Anyone who’s flown at least once can vouch for the fact that airports can be almost expensive as an amusement park. Out of all of the products for sale within airports, beverages may quite possibly be the most inflated in price. In fact, depending on the airport and the kiosk you purchase it from, a regular-sized bottle of water may cost you five dollars or more. With pricey add-ons such as these, it’s getting more and more difficult to stay within budget while traveling.

Why is the price of beverages so inflated in airports? Simple: supply and demand. Unfortunately, because Travel Safety Administration rules prevent passengers from bringing drinks through security, those who wish to carry a bottle of water with them onto their flight must suck it up and pay the price. While filling a water bottle in the bathroom is an option, it’s not easy. Airport sinks can be quite shallow, and the motion-sensor faucet makes it difficult to get a steady stream of water.

My water bottle

(Photo credit: Jeremy McWilliams)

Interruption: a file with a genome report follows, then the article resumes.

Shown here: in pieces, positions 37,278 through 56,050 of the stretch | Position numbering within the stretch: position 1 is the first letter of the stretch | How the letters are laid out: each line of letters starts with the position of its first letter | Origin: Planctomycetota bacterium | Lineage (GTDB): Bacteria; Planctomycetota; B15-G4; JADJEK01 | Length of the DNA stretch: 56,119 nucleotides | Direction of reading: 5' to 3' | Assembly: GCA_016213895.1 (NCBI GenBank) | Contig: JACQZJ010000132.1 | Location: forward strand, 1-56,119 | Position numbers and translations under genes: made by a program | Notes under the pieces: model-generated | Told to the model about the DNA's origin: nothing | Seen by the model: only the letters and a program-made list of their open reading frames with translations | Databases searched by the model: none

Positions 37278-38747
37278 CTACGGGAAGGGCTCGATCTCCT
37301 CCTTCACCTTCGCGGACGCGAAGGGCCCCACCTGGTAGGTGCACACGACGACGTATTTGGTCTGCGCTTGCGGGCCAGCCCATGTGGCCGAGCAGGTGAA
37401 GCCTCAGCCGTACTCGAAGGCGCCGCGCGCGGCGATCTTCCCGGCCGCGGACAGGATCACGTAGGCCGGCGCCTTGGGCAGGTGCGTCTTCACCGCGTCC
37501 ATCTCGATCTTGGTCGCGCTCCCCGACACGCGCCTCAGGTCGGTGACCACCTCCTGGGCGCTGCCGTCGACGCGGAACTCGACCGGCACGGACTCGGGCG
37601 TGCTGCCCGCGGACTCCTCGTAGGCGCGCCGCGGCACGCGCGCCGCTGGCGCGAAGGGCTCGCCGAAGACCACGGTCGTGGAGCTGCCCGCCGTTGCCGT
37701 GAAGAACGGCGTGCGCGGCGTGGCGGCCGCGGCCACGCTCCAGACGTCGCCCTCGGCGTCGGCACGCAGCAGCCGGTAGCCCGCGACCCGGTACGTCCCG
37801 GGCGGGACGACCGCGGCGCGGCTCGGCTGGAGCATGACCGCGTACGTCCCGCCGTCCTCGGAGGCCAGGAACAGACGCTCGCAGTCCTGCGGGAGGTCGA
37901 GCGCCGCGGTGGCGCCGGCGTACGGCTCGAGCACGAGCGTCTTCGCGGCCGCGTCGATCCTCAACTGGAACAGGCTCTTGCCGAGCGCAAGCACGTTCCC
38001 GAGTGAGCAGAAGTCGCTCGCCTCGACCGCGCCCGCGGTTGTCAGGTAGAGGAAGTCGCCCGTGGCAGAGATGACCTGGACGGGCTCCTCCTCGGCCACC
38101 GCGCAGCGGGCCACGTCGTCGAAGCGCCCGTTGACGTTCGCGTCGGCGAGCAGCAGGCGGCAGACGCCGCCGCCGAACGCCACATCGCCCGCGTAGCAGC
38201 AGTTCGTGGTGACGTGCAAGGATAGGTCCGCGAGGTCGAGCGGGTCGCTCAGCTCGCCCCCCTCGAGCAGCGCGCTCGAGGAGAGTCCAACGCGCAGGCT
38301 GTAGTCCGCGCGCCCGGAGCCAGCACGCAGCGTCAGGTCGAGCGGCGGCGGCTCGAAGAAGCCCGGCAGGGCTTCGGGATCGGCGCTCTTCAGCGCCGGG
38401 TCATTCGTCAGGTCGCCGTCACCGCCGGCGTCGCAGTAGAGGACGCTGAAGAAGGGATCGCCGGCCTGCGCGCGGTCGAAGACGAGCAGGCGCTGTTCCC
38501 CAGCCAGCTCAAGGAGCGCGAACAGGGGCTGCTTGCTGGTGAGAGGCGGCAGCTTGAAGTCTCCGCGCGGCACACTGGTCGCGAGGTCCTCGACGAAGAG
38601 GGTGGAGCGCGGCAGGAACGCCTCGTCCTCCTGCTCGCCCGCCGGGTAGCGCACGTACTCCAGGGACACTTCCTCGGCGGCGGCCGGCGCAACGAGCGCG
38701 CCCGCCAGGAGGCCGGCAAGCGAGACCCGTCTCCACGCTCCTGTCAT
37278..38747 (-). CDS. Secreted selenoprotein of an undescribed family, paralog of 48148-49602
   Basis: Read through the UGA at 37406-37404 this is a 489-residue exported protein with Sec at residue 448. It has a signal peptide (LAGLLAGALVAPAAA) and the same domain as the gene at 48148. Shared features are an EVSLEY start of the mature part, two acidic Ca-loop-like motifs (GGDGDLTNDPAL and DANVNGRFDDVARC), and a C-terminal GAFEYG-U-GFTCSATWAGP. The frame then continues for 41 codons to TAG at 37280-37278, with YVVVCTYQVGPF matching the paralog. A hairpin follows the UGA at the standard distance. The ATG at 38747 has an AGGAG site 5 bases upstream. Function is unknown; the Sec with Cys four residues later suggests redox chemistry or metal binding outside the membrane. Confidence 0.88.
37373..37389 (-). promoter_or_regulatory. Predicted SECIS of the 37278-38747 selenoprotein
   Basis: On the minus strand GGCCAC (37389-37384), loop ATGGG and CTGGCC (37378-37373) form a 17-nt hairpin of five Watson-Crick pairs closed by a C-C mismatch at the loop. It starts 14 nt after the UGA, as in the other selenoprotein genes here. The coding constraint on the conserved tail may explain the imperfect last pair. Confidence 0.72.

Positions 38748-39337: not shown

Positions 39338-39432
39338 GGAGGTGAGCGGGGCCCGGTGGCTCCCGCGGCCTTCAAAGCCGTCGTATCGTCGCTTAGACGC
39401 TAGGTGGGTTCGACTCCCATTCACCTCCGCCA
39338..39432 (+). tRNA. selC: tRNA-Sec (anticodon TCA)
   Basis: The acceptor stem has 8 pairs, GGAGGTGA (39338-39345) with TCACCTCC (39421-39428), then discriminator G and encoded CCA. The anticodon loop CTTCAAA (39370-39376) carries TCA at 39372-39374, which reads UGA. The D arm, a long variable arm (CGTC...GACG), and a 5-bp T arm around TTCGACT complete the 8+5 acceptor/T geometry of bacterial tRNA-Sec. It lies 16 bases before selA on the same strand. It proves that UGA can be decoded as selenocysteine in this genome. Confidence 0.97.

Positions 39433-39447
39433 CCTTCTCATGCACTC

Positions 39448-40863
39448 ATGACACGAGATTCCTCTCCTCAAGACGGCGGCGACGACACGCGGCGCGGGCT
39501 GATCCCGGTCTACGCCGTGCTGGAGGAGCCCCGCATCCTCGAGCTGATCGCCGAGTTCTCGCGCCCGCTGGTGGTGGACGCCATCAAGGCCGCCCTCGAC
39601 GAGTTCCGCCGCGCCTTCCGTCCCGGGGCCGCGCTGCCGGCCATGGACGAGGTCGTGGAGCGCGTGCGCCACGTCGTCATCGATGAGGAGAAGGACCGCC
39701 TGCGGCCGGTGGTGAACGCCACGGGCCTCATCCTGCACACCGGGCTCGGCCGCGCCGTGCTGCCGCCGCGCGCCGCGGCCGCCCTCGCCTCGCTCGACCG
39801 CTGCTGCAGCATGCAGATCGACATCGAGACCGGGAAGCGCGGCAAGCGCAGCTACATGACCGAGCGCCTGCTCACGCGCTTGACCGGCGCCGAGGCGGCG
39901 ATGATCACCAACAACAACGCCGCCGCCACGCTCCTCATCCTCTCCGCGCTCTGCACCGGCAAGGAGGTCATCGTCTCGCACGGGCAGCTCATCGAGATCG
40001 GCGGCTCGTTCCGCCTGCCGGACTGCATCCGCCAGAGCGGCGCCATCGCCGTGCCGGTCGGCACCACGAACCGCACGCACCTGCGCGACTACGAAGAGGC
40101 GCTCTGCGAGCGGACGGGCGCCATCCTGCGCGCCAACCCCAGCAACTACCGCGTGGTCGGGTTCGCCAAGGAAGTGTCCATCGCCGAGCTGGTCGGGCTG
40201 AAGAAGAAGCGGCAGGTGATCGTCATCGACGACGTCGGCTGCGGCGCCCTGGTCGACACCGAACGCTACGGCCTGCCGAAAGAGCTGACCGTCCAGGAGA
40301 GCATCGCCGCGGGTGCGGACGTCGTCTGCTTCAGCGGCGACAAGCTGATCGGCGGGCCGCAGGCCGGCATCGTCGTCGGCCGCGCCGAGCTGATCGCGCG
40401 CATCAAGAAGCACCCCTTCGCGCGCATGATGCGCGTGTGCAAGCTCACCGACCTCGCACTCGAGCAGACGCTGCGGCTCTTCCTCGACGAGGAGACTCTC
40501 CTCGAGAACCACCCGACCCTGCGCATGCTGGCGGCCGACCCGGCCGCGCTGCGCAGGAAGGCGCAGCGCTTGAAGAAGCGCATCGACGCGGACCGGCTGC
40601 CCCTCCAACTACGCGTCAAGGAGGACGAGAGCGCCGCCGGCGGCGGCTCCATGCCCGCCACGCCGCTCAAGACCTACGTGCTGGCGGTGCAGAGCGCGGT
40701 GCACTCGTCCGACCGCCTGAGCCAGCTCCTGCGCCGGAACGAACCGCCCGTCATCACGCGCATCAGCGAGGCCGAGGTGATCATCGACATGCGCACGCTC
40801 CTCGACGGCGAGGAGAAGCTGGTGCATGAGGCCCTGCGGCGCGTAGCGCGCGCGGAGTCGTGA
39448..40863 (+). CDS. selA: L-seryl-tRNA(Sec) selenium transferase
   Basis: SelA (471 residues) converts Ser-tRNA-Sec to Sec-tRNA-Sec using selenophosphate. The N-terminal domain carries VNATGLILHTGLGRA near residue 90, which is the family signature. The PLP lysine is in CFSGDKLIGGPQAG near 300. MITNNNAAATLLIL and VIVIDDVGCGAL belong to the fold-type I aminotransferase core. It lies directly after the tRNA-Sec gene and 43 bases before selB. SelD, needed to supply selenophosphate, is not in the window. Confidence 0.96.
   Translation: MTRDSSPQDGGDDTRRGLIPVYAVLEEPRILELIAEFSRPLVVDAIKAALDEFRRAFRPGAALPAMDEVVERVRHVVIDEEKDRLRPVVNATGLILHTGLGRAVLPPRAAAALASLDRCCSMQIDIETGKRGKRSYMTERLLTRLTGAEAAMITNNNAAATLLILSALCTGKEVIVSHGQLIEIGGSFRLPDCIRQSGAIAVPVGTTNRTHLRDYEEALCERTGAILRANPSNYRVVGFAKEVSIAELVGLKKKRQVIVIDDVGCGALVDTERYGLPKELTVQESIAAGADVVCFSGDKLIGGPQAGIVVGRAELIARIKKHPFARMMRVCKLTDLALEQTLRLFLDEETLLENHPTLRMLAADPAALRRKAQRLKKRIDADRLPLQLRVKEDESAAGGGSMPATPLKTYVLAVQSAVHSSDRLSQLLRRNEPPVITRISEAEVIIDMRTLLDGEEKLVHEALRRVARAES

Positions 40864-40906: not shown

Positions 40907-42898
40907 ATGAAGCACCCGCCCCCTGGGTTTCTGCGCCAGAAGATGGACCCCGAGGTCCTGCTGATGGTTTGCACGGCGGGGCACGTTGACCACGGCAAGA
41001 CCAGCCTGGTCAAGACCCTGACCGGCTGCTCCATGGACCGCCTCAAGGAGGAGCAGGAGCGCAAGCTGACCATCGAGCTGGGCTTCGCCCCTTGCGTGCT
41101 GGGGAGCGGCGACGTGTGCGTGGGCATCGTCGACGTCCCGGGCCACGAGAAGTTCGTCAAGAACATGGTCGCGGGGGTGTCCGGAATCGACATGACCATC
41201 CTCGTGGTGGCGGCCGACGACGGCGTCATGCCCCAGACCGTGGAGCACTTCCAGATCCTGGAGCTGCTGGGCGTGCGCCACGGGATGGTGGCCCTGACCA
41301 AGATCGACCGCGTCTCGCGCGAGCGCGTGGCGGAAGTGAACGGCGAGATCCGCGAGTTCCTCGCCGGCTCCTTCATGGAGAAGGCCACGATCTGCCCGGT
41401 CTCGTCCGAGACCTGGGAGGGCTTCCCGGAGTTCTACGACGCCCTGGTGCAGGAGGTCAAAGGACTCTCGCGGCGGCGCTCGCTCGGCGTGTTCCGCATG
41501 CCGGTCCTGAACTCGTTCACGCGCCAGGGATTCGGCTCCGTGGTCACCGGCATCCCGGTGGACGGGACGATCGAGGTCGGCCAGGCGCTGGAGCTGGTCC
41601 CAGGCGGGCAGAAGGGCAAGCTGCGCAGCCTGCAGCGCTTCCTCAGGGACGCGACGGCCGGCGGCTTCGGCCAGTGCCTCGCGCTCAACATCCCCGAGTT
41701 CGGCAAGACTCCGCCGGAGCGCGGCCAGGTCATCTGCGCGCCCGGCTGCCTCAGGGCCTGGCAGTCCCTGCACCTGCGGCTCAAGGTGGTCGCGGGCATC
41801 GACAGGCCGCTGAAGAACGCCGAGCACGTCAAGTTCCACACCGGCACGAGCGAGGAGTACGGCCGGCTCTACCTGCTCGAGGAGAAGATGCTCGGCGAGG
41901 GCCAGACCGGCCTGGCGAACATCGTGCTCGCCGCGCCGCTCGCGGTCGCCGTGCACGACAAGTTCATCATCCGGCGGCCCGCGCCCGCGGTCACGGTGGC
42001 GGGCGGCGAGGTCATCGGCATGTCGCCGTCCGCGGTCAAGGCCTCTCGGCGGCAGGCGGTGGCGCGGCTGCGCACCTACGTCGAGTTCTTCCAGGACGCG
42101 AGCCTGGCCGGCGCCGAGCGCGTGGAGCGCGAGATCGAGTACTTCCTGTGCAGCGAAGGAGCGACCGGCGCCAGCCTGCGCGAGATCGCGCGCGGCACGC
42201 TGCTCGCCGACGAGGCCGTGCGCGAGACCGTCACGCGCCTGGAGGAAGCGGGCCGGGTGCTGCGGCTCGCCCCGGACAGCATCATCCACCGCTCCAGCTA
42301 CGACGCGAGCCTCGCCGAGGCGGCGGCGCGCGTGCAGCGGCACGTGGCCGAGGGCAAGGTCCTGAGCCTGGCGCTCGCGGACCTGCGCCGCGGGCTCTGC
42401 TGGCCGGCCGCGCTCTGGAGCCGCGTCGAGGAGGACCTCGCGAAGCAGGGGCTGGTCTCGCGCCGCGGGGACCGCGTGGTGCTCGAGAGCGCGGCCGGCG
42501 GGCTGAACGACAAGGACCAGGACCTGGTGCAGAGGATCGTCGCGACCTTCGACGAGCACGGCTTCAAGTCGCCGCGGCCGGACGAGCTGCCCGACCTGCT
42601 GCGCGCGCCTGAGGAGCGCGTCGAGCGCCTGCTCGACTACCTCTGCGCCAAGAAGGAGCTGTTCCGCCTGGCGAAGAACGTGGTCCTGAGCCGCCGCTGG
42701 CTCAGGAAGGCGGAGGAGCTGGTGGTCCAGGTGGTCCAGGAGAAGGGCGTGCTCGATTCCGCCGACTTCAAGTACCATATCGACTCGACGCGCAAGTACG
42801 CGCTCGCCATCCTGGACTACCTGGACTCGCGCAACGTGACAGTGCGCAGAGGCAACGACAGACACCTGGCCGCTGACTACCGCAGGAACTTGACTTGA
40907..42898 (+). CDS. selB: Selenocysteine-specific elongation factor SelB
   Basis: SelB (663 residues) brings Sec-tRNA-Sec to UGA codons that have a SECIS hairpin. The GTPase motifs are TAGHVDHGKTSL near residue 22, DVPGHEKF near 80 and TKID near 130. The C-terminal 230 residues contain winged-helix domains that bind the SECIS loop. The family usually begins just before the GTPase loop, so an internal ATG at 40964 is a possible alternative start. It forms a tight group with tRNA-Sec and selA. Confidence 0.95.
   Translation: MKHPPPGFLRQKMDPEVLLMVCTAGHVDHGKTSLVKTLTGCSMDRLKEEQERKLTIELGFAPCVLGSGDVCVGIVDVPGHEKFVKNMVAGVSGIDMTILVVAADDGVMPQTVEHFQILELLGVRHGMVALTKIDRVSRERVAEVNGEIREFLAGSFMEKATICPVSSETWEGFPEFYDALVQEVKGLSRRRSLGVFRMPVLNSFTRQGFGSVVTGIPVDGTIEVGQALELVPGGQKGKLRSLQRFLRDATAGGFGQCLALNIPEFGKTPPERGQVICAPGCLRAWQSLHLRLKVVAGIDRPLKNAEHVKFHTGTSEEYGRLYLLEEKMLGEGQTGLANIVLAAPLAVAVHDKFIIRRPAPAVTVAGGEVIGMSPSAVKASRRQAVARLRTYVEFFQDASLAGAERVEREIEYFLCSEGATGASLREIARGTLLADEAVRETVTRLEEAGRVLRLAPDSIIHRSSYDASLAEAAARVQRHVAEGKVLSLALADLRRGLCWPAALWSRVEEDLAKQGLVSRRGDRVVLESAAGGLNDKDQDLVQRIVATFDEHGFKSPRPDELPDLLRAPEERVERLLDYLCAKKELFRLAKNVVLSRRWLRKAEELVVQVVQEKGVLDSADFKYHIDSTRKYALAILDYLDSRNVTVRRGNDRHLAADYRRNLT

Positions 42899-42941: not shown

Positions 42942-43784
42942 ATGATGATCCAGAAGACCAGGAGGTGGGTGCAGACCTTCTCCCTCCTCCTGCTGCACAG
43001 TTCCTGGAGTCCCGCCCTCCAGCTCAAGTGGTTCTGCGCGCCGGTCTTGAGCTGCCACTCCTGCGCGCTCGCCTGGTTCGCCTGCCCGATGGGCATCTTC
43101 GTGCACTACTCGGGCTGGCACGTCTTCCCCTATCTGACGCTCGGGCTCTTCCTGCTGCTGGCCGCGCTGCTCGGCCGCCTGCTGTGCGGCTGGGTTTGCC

Thankfully, airports have begun to take note of this issue and many have begun installing water bottle filling stations throughout their terminals. In 2010, Chicago’s O’Hare and Midway Airports and San Francisco International Airport installed refillable water bottle stations throughout their facilities in an effort to not only accommodate customers, but also to cut down on landfill waste.

Together, the two stations at O’Hare saved 220,717 bottles [within the first year of the program]” Gregg Cunningham of the Chicago Department of Aviation told MSNBC back in 2011.

Although it’s taken a few years for other airports to catch on, the trend has finally caught on. As of June, Atlanta’s Hartsfield Jackson International Airport began installing 52 bottle refill stations throughout the airport. Many of the existing water fountains will be retrofitted with anti-microbial copper faucets. The airport is looking to include touch-free refill stations as well.

Because these water bottle refill stations have been so well-received in existing airports, many others are expected to follow suit. Next time you’re getting ready to enter a TSA security checkpoint, dump your water but retain the bottle. You just may save yourself a few bucks.

  • Airport Snacks on a Budget (livingbigonabudget.com)
  • Franklin and Marshall adds new water-filling stations (wgal.com)